Showing posts from November, 2012

Apologizing for pleasure in Sidney's 'Apology for Poetry'

As one of its major strategies for defending poetry, Sidney's Apology describes poetry's capacity simultaneously to teach and to delight, to instruct effectively by appealing to pleasure.(1) According to the Apology, it is pleasure which creates poetry as superior to history and philosophy, for poetry's ability to delight moves readers to virtue, rather than subjecting them to tedious discussions or ambiguous examples. Even in the initial stages of civilization, it was the "sweet delights" (98) of poetry which prepared early peoples to exercise their minds for the reception of knowledge. But on the other side of the Apology's claim that poetry's delight enlivens its teaching lies the inference that the experience of delight must be justified by instruction. This inference becomes explicit in the Apology's limitation of its defense to a definition of poetry as "feigning notable images of virtues, vices, or what else, with ... delightful teaching&q…

John Roddam Spencer Stanhope - Orpheus and Eurydice on the Banks of the Styx

English painter. The second son of Yorkshire landed gentry, he was educated at Rugby and Christ Church, Oxford. In 1850 he studied in London with G. F. Watts, through whom he entered the artistic circle at Little Holland House, where he met D. G. Rossetti and Edward Burne-Jones.Stanhope's close friendship with Burne-Jones proved a more decisive influence on his work that, in the 1860s, consisted of dreamlike poetic and mythological subjects often set in quaint, enclosed spaces, as in I Have Trod the Winepress Alone (c. 1864; London, Tate).

Stanhope married in 1859 and moved to Sandroyd, a house near Cobham, Surrey, designed for him by Philip Webb in 1860, but because of severe asthma he wintered abroad from 1865 and in 1880 moved permanently to the Villa Nuti, Bellosguardo, near Florence. Deeply influenced by Italian art, he had his frames made in gilt gesso by Florentine craftsmen and was one of the first British artists to revive tempera painting, adopting it at least as early as…

Charlotte Bronte and Her Sisters

"If you think from this prelude that anything like a romance is preparing for you, reader, you never were more mistaken. Do you anticipate sentiment and poetry and reverie? Do you expect passion and stimulus and melodrama? Calm your expectations: reduce them to a lowly standard. Something real, cool and solid lies before you; something unromantic as Monday morning, when all who have work wake with the consciousness that they must rise and betake themselves thereto." 
"Shirley," Chap. 1.

Haworth, in Yorkshire, is a melancholy village in one of the dreariest provinces in England. Its low houses have that dumpy, sad, sullen look to be seen in the peasants of the region; and, massed about a little square-towered church on the top of a small hill, they give to this elevation the severe aspect of a fortress.

Patrick Bronté was thirty-three years of age when, in 1820, he was appointed rector at Haworth. He was an Irishman, tall, with regular features and something in his gla…

This Strange and Contradictory Poet

In his early poem “I stood tip-toe”, Keats describes an effect of sunlight passing through water:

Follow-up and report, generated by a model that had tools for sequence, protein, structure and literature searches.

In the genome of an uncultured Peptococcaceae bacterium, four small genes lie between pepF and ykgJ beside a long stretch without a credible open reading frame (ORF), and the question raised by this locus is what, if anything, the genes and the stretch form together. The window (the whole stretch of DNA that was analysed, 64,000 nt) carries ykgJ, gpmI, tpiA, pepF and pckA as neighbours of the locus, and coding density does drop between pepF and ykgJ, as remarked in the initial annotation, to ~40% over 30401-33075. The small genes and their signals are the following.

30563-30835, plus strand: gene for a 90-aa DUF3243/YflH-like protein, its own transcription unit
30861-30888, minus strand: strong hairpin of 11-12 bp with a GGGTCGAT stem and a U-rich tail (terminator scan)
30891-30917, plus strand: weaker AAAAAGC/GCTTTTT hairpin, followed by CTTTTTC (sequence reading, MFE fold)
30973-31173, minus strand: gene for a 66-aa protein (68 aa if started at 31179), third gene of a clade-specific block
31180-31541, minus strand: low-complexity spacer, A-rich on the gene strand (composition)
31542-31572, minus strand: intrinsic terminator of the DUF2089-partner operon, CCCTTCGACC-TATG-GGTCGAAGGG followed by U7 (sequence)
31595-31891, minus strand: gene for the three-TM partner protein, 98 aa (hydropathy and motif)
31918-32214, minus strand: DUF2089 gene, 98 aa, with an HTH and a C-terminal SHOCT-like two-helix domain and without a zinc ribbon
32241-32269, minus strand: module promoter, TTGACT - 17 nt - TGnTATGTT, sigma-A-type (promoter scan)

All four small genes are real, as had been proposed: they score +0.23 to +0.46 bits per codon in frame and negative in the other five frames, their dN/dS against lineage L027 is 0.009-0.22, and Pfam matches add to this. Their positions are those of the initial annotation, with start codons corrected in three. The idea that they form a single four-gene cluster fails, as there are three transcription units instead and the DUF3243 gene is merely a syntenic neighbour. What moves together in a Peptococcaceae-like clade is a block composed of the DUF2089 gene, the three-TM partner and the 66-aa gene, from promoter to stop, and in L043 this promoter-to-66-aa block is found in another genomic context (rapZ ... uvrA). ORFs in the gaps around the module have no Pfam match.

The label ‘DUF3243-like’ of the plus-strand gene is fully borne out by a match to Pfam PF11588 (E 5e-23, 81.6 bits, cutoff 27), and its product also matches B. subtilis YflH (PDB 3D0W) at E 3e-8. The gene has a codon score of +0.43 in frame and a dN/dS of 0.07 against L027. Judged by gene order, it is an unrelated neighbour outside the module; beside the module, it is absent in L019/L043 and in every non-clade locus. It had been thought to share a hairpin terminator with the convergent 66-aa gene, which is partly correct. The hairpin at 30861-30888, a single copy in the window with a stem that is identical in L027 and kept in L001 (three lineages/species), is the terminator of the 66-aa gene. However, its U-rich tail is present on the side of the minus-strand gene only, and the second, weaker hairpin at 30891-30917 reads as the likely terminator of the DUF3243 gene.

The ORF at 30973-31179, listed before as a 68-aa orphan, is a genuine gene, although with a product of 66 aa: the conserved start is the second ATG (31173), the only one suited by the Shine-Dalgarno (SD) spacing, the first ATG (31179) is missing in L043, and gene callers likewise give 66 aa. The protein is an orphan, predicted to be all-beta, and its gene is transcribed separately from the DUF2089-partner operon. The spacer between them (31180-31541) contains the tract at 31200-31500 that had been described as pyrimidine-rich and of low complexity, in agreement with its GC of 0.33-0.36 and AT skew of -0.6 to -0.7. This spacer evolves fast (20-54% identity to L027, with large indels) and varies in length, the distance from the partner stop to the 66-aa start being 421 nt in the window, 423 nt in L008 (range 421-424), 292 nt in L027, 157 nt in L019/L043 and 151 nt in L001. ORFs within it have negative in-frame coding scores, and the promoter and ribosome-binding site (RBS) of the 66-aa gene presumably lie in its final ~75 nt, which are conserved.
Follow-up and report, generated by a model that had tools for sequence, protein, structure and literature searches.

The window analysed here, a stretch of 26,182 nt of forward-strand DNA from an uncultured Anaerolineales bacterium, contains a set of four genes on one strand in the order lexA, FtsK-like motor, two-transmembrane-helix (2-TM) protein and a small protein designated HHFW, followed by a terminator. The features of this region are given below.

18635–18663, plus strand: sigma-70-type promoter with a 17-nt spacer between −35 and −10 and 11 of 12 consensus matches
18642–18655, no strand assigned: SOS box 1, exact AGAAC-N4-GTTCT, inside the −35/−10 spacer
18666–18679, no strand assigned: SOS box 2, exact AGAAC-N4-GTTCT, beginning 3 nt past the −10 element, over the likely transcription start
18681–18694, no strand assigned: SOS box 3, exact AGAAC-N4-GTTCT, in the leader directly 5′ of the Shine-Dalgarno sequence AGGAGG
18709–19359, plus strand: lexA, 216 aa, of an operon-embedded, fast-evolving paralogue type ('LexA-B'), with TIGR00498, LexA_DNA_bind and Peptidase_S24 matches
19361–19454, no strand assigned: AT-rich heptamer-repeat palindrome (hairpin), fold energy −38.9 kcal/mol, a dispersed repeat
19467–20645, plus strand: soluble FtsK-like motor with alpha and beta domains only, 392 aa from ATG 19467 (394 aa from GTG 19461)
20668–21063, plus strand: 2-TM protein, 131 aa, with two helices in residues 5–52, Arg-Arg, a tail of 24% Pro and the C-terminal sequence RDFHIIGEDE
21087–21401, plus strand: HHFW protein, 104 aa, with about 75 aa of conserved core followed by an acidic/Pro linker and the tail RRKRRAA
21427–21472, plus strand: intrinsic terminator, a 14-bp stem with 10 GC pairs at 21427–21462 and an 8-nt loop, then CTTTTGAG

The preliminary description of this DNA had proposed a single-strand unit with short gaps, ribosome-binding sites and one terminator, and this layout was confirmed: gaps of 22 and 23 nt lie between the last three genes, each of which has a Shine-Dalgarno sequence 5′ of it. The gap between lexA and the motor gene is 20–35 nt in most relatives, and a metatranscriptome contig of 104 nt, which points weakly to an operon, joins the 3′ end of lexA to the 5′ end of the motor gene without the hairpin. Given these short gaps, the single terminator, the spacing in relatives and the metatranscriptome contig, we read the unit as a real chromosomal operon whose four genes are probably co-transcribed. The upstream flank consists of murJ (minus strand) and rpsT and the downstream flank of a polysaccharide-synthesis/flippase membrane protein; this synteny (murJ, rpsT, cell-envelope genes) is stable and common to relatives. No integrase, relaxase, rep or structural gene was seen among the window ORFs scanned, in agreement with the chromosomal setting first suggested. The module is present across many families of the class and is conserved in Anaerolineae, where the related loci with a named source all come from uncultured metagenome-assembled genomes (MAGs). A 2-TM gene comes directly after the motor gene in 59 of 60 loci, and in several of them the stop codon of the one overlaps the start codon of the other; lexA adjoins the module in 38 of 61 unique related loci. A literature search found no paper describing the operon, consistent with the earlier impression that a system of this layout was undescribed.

Where swarms of minnows show their little heads,
Staying their wavy bodies ’gainst the streams,
To taste the luxury of sunny beams
Temper’d with coolness. How they ever wrestle
With their own sweet delight, and ever nestle
Their silver bellies on the pebbly sand.
If you but scantily hold out the hand,

That very instant not one will remain;

But turn your eye, and they are there again.

At first glance, this seems to be nothing more than a delicate piece of observation. We know from Keats’s letters (as Nicholas Roe points out in his new biography, John Keats: A New Life, Yale University Press, £25) that as a boy he loved to explore the natural world of the countryside near Edmonton: “How fond I used to be of Goldfinches, Tomtits, Minnows, Mice, Ticklebacks, Dace, Cock salmons and all the whole tribe of the Bushes and the Brooks,” he wrote to his sister.

But Keats the poet gave those childhood memories …

William Blake: London

I wander thro' each charter'd street,
Near where the charter'd Thames does flow,
And mark in every face I meet
Marks of weakness, marks of woe.

In every cry of every man,
In every Infant's cry of fear,
In every voice, in every ban,
The mind-forg'd manacles I hear.

How the Chimney-sweeper's cry
Every blackning Church appalls;
And the hapless Soldier's sigh
Runs in blood down Palace walls.

But most thro' midnight streets I hear
How the youthful Harlot's curse
Blasts the new-born Infant's tear,
And blights with plagues the Marriage hearse.

George Frederic Watts: The Irish Famine

The painting shows a contemporary subject, a young Irish family evicted from their home during the 1840’s. The Irish Famine occurred when the potato crop failed several years in succession. This caused mass starvation, killing thousands of people. The couple huddles together for comfort amidst a desolate, barren landscape. The father looks out defiantly, fists clenched, showing his anger, while the figure to the right expresses despair. Watts only visited Ireland after the picture was painted, so used models for this painting. A radical painting for its time it belongs to a group of four Social Realist paintings, depicting his concern with increasing poverty, stimulated by reading newspaper and magazine reports at the time.